Is health truly a European value? (Guest blog)

Over the past five years, it has become less frequent to hear someone comment health is not a competency of the EU in the Brussels bubble. Previously used as justification for health decision-making to remain at the national level, this static interpretation has been increasingly challenged as the success of the European collaboration continues to shed light on its future potential.
What began as an effort to pool coal and steel production with the hope of minimising potential for conflict across a historically war-torn continent, has developed into a Union dedicated to promoting democracy and human dignity. Our future will depend on our ability to harness better collaboration for better coordinated outcomes through the good times and the bad.
Now, more than ever, a ‘health in all policies’ approach is needed to ensure our economies and citizens continue to thrive. Directly promoting health policies to reinstate the EU as a global innovator will allow for a future based on prevention, timely and equitable access to innovation, and better outcomes for citizens and patients across Europe. This will result in a healthier population, greater workforce participation, higher economic productivity, and more disposable income. Afterall, health is wealth.
The Future of Europe in a post-Covid world 
Over the past few months, inspired both professionally and personally, I’ve followed the conference on the Future of Europe. With health as one of the 10 working areas, following this conversation has been essential in understanding what it could mean for the sector, but as a European, I want to understand the ambition for the future of European health.
The Conference on the Future of Europe has been a space for open, participative, and transnational debate, bringing together citizens and stakeholders to discuss our European future. Presented on 9 May, the final report builds on our core values and provides guidance for the future of our Union. This comes after an intense period in which the EU has had to adapt and address new threats to stability (recessions, terrorism, pandemics, war), while promoting sustainably and growth. As we talk about our future, are we doing enough to make sure we are including health as a priority? Are we incorporating the learnings from these new threats?
Health as part of the economy
There is a tendency to focus on building the future in strict economic terms, often leaving the role health plays in supporting our economies understated, if not overlooked entirely. Not only is the healthcare sector important for boosting the economy, its output is also key to bolstering the potential of our labour force, increasing productivity and overall GDP.
The research-based pharmaceutical industry is one of the main drivers of the healthcare sector, constituting approximately 10% of the European workforce. This high technology sector not only produces the strongest added value per person employed, buy also generates three times more indirect employment, secures a strong knowledge-base in Europe and prevents brain-drain. In fact, investing in better health could add up to $12 trillion to global GDP in 2040, a whopping eight percent boost to our economies.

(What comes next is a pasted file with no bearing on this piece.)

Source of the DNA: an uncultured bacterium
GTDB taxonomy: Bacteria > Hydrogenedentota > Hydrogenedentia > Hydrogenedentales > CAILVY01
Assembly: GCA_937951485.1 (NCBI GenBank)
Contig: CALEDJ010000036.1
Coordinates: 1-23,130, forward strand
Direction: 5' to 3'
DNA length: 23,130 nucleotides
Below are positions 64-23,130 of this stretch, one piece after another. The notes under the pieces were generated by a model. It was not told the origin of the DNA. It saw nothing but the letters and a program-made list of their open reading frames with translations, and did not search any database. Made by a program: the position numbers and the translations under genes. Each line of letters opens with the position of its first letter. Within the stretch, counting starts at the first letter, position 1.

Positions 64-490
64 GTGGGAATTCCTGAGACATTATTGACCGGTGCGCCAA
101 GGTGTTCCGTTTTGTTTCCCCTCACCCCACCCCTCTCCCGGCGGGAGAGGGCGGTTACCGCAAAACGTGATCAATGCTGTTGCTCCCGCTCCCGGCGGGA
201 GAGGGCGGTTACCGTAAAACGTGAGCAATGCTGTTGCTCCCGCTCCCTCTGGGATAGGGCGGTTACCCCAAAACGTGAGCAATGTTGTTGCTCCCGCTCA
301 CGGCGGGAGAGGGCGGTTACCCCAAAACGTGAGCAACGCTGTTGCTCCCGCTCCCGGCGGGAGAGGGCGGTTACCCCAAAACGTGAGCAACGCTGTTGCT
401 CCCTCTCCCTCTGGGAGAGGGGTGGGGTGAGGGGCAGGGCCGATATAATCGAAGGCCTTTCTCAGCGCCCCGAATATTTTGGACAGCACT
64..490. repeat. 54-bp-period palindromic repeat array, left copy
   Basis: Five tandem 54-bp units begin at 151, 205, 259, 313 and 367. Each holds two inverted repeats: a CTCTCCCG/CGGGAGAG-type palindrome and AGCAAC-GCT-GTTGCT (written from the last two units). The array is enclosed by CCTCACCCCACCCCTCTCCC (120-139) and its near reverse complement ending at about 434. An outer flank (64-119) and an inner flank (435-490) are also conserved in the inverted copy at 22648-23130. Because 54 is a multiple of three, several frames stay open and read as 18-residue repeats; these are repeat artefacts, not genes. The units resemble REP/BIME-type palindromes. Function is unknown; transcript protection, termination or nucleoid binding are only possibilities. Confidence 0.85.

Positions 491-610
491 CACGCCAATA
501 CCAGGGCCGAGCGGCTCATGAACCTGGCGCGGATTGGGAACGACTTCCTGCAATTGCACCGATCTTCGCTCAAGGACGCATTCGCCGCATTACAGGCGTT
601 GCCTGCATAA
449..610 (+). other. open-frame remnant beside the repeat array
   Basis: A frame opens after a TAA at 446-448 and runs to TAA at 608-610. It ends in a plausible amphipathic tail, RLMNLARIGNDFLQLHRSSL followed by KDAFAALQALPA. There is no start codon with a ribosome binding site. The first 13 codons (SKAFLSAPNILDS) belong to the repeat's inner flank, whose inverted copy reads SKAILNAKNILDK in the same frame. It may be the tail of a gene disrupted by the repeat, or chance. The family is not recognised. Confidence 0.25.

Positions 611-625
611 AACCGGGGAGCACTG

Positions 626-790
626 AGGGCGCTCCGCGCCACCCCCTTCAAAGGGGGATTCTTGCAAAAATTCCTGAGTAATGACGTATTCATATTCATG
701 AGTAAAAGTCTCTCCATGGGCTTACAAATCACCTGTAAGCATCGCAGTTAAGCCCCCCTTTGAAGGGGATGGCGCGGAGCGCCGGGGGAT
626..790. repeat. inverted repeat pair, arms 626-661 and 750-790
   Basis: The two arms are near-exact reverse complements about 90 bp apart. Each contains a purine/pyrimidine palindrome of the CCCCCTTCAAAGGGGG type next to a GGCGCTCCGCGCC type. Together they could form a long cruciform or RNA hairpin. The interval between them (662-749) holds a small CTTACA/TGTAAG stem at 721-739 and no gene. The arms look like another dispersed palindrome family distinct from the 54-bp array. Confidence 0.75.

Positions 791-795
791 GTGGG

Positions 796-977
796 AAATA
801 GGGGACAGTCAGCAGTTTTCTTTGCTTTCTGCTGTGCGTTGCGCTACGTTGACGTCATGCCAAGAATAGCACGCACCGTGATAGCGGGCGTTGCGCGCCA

The EU is working to promote efforts reimagining and developing healthcare policies through a number of initiatives, such as the Beating Cancer Plan, the Pharmaceutical Strategy and the European Health Data Space. It is imperative that focus remains on promoting innovation and developing medicines, even in a climate where the EU’s research and development base has been gradually eroding. Research forms the basis of our understanding of science and healthcare and investing back into this helps us realise our goal of health is wealth.
Digitalisation as a driver for change
Nowadays, the most significant innovation in healthcare is supported by collaboration between sectors, this innovation helps to advance medicines as well as improving efficiency and patient outcomes. In particular, digitalization will determine the future of healthcare – to what end and how quickly will be another consideration for the Conference.
As such, and to develop our capabilities smoothly and equally across the Union, we need to define digital standards and solutions at EU level. Digitalization has the potential to reduce inequalities as it can bring healthcare closer to home for the patient, by improving personalised medicine, while also empowering patients to take their treatments into their own hands. In our efforts, in the digital transformation of healthcare, it is paramount to take a cross-sectoral approach, combining innovation in health with innovation in technology.
Our future of Europe
Since launching 70 years ago, the European collaboration has had to adapt to many different challenges and with each adaptation came a new focus. The pandemic has shown us how much we can achieve when there is political will. We can act together, efficiently and rapidly developing an ecosystem that supports innovation.
The pandemic has thrust health collaboration to the forefront of the EU agenda, demonstrating the positive impact of better healthcare solutions for both Member States and citizens. The wheels of change are turning and we should continue this momentum to ensure health becomes enshrined as a European value. Our message is simple: health belongs at the heart of the European collaboration.

Ivana Cattaneo

Ivana Cattaneo is Chair of the EFPIA Oncology Platform. She works as Public Affairs Director Oncology Europe at...
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